Short Selling Clamp Down

Following the seizure of IndyMac by bank regulators on 11 July, and the emergency life-line extended to FreddieMac and FannieMae on 13 July, the U.S. Securities and Exchange Commission (SEC) has instituted an emergency rule applicable to 19 major financial firms (including FreddieMac and FannieMae) to curb short selling.

This move by the SEC brought about an immediate response from all quarters of the securities industry, resulting in a number of exemptions being granted before the order even came into effect on 21 July. Additionally, the general view has been that it is unfair to apply the ruling to only 19 firms, and major players to boot, as this leaves smaller entities even more vulnerable to short selling abuses.

The SEC’s ban on short selling was motivated by concern that this practice was being used to manipulate the market through the spreading of false rumors about various firms. This in turn would cause their share prices to plummet, enabling short sellers to cover at a profit. This temporary ban buys the SEC some time in which to investigate whether there has been any intentional spreading of false information and by whom – which could be a lengthy process.

Under normal circumstances, a proposed SEC rule change involves public consultation and can take months to approve and institute. However, these are not considered to be normal circumstances and the SEC exercised its right to institute an emergency order, a move that long-time stock market players are calling unprecedented.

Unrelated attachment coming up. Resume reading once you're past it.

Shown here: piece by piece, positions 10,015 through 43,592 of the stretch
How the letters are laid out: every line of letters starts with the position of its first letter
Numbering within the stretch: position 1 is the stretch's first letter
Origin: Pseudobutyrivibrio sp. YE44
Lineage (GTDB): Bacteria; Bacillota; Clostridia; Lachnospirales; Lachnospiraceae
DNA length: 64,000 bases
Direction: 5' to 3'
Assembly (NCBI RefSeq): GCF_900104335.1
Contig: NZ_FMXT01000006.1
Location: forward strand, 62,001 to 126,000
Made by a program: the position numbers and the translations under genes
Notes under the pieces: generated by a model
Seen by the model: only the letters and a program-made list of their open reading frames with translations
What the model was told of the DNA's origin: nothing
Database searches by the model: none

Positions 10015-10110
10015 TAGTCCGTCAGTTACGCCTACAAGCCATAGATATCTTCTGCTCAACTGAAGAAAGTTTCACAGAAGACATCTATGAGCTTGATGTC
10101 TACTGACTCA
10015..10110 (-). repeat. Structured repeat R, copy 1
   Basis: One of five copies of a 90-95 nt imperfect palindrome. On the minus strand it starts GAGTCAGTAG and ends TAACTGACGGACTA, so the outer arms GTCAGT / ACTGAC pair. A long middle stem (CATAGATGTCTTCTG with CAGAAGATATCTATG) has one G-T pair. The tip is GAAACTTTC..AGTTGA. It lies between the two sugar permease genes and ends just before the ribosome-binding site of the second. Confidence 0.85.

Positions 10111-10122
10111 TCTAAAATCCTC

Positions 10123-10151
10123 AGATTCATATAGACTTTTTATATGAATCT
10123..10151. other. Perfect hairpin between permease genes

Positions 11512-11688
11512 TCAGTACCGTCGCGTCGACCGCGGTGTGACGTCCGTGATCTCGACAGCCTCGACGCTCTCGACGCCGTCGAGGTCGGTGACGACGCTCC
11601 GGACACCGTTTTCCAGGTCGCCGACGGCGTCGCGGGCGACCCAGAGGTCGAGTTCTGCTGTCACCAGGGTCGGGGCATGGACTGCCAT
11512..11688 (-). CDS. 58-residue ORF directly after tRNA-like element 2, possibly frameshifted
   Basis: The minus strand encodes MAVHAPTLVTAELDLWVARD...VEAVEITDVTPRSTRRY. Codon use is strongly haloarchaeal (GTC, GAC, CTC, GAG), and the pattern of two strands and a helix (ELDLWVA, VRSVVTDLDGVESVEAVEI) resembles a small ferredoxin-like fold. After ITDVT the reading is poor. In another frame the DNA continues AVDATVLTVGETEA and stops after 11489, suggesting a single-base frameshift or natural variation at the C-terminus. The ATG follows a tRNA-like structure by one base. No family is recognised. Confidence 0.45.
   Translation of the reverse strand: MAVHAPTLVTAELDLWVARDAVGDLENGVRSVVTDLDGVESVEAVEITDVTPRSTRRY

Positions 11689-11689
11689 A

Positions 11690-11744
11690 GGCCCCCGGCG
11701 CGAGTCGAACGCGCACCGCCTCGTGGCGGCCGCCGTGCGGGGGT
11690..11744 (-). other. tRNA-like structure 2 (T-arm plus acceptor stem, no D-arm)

Short selling is when a seller sells securities that he does not own, but has borrowed through his broker, in the hope of repurchasing these stocks later at a lower price. If carried out correctly, this is a legally acceptable stock market investing practice. Naked short selling is when the seller sells securities that he does not own, he has not borrowed, and has not ensured could be borrowed. Although this practice is not necessarily a violation of SEC laws, it becomes illegal when the practice actively drives down stock prices and/or dealer-brokers do not have reasonable grounds to believe the securities in question can be borrowed to facilitate settlement. As with most controversial practices, there are seemingly valid arguments for and against short selling. Those for it, assert that the practice is a vital part of the price discovery mechanism and is instrumental in uncovering fraudulent accounting, citing Enron and Tyco as examples. Those against it are generally of the view that short sellers profit from the misfortune of others and continually walk a fine line between the “legal” aspects of short selling, and the “illegal” aspect of being responsible for a decline in share prices – and it is a fine line that is difficult to define and difficult for regulators to keep track of. Some short sellers have had legal proceedings instituted against them by companies claiming that short selling has detrimentally affected their share prices.

Whether the SEC will respond to calls to extend the current short selling ban to all stock market listed companies remains to be seen. In the current market, investors are learning to expect the unexpected and, as has been shown in the past few months, some precedents are being set that will no doubt go down in stock market history.